Dear Louisa

Q. I'm an 18-year-old girl and I have to accept that I'm gay. I'm fine with people being gay, but I feel desperately unhappy that I am gay myself and for several years I've fought against it. Until recently I was going out with a boy. Then I fell in love with a slightly older woman, but she was in a relationship with a man and made it clear she didn't feel the same about me, which made me hate myself even more. There are a couple of out gay guys – and one girl – in my sixth-form, but I feel I have nothing in common with them and would die if anyone at school knew about me. I dread my family finding out. My mother has always treated me as bit of a disappointment (it's just the two of us at home, and I'll leave for uni this year). I know her views on this, and I think it would be the last straw for us. How will I ever be happy with my life?

A. It's heartbreaking to read about your unhappiness, and it's a reminder that, even though gay marriage is now a prospect and so many gay people are living openly and happily, there's a very long way to go before sexuality ceases to be an issue.

I'm sorry you hate yourself, but I doubt that your sexuality is the only cause of your self-loathing, considering that you have always felt like such a disappointment to your mother.

Despite your differences, you're very close now, and it's natural that you want to please her. But you need to know that, as you grow older, her opinion is going to matter to you less and less. There's no rush to tell her, and in fact, you should perhaps wait until you feel happier about it yourself. When the right time does come, she might surprise you. I know some liberal parents who continue to insist that their gay offspring simply haven't met the right girl/boy yet – and also some total stuffed shirts who've confounded expectations by embarking on a steep learning curve and taking great pride in their gay children.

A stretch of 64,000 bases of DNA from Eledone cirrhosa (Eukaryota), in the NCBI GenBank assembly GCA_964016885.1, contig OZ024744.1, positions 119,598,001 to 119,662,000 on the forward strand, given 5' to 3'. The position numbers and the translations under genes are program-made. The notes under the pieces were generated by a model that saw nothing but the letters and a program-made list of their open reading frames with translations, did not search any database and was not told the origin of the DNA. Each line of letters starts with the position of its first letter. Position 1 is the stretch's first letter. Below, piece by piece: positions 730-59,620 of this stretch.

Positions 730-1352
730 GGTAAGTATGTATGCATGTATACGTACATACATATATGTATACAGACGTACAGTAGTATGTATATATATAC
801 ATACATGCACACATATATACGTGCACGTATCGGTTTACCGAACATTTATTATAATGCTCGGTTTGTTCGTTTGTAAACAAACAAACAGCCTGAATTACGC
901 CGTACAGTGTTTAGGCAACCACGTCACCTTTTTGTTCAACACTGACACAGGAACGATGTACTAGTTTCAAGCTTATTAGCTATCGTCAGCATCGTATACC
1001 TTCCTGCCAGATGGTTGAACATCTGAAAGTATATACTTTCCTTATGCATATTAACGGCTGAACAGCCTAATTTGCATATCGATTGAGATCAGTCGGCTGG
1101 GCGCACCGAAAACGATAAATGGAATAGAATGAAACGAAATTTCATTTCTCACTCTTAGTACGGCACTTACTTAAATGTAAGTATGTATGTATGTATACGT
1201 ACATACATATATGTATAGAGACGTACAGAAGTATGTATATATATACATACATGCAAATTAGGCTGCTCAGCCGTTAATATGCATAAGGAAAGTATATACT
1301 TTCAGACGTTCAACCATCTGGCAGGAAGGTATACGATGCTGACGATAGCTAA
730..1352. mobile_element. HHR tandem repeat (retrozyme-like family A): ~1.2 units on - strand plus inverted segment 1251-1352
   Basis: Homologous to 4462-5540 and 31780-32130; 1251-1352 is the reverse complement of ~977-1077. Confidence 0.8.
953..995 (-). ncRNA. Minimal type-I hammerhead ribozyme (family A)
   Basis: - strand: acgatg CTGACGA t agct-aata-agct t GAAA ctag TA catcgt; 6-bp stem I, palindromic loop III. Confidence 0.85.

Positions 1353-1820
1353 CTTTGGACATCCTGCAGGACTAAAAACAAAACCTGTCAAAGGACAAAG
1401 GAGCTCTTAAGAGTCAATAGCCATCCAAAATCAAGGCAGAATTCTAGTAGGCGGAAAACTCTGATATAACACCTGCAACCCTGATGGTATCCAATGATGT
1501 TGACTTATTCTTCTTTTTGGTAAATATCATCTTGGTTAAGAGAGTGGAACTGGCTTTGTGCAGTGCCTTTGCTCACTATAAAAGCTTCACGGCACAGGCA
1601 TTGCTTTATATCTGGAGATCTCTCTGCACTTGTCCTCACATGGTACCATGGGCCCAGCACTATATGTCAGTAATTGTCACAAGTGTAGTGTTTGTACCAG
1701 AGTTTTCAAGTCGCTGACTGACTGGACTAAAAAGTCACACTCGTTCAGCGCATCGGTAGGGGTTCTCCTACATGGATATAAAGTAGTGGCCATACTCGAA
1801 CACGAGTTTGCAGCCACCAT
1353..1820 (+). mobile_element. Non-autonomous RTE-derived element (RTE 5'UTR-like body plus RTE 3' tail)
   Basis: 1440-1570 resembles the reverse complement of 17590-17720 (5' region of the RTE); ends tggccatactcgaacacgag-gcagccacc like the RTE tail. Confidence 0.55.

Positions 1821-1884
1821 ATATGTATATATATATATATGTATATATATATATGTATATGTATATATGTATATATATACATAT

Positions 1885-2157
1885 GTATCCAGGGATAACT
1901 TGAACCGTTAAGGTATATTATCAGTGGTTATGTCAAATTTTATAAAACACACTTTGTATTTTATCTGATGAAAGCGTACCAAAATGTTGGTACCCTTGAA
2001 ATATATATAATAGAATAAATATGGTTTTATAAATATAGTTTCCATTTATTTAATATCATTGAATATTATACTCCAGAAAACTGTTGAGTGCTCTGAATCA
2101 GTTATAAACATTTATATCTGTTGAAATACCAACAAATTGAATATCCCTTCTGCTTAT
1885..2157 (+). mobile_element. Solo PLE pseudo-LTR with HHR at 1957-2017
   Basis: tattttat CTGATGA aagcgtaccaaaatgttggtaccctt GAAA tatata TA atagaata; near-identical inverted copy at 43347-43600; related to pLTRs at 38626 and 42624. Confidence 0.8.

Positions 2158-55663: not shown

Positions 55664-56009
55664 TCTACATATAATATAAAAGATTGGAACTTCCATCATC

Why would you feel anything in common with the other gay students at school? The ambassadors of homosexuality have by definition mainly been the out and proud – and thank goodness for them. Without them we might not have civil partnerships and other great leaps forward. But their prominence may have obscured the fact that there are lots of ways to be gay, just as there are myriad ways to be straight. Perhaps one of the benefits of civil partnerships and the gay-marriage debate has been to throw the spotlight on to those people ploughing their own furrows without so much as a Streisand CD or a stash of herbal tea, rubbing along just like any other couples.

If you are severely depressed or have suicidal thoughts, please gather the courage to see your GP, who can arrange some help for you. But at 18, you are still a work in progress. Being gay is only one thing about you. I think and hope that university will be a place where you can spread your wings, and that to meet someone you love, and who loves you in return, will change everything for you.

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